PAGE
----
The End of Growth

The End of Growth

Adapting to Our New Economic Reality

Book - 2011
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Economists insist that recovery is at hand, yet unemployment remains high, real estate values continue to sink, and governments stagger under record deficits. The End of Growth proposes a startling diagnosis: humanity has reached a fundamental turning point in its economic history. The expansionary trajectory of industrial civilization is colliding with non-negotiable natural limits.

Richard Heinberg's latest landmark work goes to the heart of the ongoing financial crisis, explaining how and why it occurred, and what we must do to avert the worst potential outcomes. Written in an engaging, highly readable style, it shows why growth is being blocked by three factors:

Resource depletion, Environmental impacts, and Crushing levels of debt.

These converging limits will force us to re-evaluate cherished economic theories and to reinvent money and commerce.

The End of Growth describes what policy makers, communities, and families can do to build a new economy that operates within Earth'sbudget of energy and resources. We can thrive during the transition if we set goals that promote human and environmental well-being, rather than continuing to pursue the now-unattainable prize of ever-expanding GDP.

Publisher: Gabriola, B.C. : New Society Publishers, c2011.
ISBN: 9780865716957
0865716951
Branch Call Number: 330.905 Heinberg 10/2011
Characteristics: xiv, 321 p. :,ill. ;,23 cm.

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ravishri Jan 22, 2014

This book is gives an overview of the coming “great contraction”. I was a bit skeptical of its basic premise (that the phenomenal growth we witnessed in the past couple of centuries is soon to be a thing of the past) when I picked it up but it does make some valid points. It is well researched, well written and drives its point home by deeply examining the assumptions that are critical for continuous growth in the future.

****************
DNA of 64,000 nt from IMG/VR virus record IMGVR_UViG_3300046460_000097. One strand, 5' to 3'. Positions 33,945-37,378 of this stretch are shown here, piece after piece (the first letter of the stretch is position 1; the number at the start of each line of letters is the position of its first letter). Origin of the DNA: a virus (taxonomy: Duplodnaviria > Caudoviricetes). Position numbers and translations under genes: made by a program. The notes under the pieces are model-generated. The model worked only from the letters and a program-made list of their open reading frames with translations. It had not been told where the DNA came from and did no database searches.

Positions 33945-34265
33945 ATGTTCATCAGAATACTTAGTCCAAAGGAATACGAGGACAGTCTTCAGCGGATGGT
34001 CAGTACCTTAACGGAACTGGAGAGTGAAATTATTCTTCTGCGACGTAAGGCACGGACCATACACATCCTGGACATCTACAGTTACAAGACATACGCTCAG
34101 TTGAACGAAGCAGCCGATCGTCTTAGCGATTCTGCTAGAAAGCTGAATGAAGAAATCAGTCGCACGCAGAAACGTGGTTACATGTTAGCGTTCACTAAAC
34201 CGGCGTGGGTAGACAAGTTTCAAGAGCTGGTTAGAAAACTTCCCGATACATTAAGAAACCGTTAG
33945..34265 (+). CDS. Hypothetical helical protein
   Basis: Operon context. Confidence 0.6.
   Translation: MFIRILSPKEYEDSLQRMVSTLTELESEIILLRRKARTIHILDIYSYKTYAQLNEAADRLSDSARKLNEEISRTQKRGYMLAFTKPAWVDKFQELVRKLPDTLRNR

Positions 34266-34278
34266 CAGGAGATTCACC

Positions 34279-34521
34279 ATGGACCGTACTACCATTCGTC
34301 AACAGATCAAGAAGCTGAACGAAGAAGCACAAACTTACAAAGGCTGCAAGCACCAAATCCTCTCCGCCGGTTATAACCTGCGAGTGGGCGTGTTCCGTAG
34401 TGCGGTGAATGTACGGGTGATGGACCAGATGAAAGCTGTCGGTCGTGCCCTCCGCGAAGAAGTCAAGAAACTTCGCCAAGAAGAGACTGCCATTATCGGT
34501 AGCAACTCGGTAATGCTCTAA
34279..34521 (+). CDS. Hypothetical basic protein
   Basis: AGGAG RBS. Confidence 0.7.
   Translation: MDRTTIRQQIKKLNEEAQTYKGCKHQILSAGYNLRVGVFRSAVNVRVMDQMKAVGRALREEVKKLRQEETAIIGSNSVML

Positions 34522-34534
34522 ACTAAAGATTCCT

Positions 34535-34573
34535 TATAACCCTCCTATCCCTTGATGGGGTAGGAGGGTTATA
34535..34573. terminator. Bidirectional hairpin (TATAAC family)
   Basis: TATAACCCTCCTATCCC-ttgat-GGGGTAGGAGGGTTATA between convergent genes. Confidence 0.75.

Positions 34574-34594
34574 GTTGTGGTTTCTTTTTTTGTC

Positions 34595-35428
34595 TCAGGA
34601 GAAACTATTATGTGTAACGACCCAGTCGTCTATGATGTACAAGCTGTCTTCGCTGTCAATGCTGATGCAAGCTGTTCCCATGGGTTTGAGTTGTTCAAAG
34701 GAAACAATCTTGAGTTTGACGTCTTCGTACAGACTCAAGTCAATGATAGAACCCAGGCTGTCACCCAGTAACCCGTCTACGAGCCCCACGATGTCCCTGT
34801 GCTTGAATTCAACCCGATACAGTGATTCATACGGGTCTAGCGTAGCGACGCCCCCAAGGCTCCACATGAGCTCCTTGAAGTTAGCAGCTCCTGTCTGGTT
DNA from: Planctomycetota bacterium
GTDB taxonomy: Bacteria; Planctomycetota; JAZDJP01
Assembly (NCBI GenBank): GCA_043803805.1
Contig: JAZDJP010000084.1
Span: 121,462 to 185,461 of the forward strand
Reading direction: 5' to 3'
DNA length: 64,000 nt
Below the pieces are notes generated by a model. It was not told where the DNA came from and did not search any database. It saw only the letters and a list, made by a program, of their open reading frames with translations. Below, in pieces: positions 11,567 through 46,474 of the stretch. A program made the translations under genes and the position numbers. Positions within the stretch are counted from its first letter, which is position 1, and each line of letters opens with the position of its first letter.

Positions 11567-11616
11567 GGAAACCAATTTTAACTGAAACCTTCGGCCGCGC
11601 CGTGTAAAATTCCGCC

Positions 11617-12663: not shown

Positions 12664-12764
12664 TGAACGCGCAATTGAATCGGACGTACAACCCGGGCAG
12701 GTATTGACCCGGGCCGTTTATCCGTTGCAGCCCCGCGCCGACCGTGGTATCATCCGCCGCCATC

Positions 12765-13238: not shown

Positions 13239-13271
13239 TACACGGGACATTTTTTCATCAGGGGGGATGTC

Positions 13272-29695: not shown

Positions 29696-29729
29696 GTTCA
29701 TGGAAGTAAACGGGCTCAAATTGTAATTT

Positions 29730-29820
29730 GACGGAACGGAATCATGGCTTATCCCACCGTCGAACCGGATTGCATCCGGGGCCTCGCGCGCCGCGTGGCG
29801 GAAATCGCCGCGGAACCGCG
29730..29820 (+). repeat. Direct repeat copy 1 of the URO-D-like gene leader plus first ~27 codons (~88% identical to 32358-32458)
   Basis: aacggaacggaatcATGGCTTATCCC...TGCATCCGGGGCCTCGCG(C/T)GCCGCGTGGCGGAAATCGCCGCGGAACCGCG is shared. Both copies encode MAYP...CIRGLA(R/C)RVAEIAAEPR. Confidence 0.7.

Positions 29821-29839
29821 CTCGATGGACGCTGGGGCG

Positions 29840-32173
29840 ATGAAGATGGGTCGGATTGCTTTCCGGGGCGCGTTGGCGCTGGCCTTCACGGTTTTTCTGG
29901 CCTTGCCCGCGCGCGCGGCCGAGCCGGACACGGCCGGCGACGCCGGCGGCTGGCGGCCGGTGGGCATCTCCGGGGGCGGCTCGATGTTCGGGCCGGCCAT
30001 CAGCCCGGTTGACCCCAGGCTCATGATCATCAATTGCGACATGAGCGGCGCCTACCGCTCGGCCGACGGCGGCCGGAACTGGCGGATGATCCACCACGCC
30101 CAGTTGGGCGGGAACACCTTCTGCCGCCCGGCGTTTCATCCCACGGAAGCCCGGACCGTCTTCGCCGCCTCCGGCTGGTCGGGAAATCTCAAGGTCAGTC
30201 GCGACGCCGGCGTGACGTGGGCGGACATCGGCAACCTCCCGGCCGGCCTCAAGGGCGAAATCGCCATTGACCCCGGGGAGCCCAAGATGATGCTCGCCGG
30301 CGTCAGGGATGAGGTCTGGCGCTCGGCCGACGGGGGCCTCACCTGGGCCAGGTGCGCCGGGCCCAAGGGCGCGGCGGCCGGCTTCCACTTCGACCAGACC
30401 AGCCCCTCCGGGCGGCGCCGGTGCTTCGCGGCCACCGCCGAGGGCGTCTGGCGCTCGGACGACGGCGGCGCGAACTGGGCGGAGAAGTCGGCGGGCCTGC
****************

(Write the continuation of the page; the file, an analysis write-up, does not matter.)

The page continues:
The book, however, deeply discounts the possibility of new technology being better and more efficient than current technology. That is the one thing which I disagree with the author about.

r
russtm
May 28, 2012

Nothing is forever.

g
ghreads
Mar 28, 2012

This book describes our current economy of growth and explains why it can’t continue because of resource depletion, climate change, a failing financial system and unmanageable government debt. The book is an economic primer explaining our increasingly complex financial system and its ever-more-bizarre instruments. It explains Peak Oil and the depletion of other critical resources, including fossil fuels and minerals and looks at the negative impacts on the eco-system, including Climate Change, caused by our rapacious economy.

The author explains how we arrived at the current situation and why we can’t continue on the existing path; why innovation, resource substitution and increasing efficiency can’t keep us growing.

After describing all the problems, he turns his attention to possible solutions and what a post-growth, steady-state economy could look like and describes some current initiatives in the right direction.

The book is well worth reading. It is an excellent source of information both for people not familiar with these concepts and for those aware of the situation in principle but who want more detailed information and analysis. Most of the book is relatively easy to read. It does get quite technical in places, especially when describing the machinations of the financial system. The glossary of terminology and financial instruments can make the eyes glaze over if the reader does not have a financial background. There are lots of graphs which help to explain the data. However, one can gloss over some of the technicalities without losing any of the flow and force of the book.

This is not relaxing bed-time reading but is an essential start to learning about what the future will hold for us in the near future and for coming generations.

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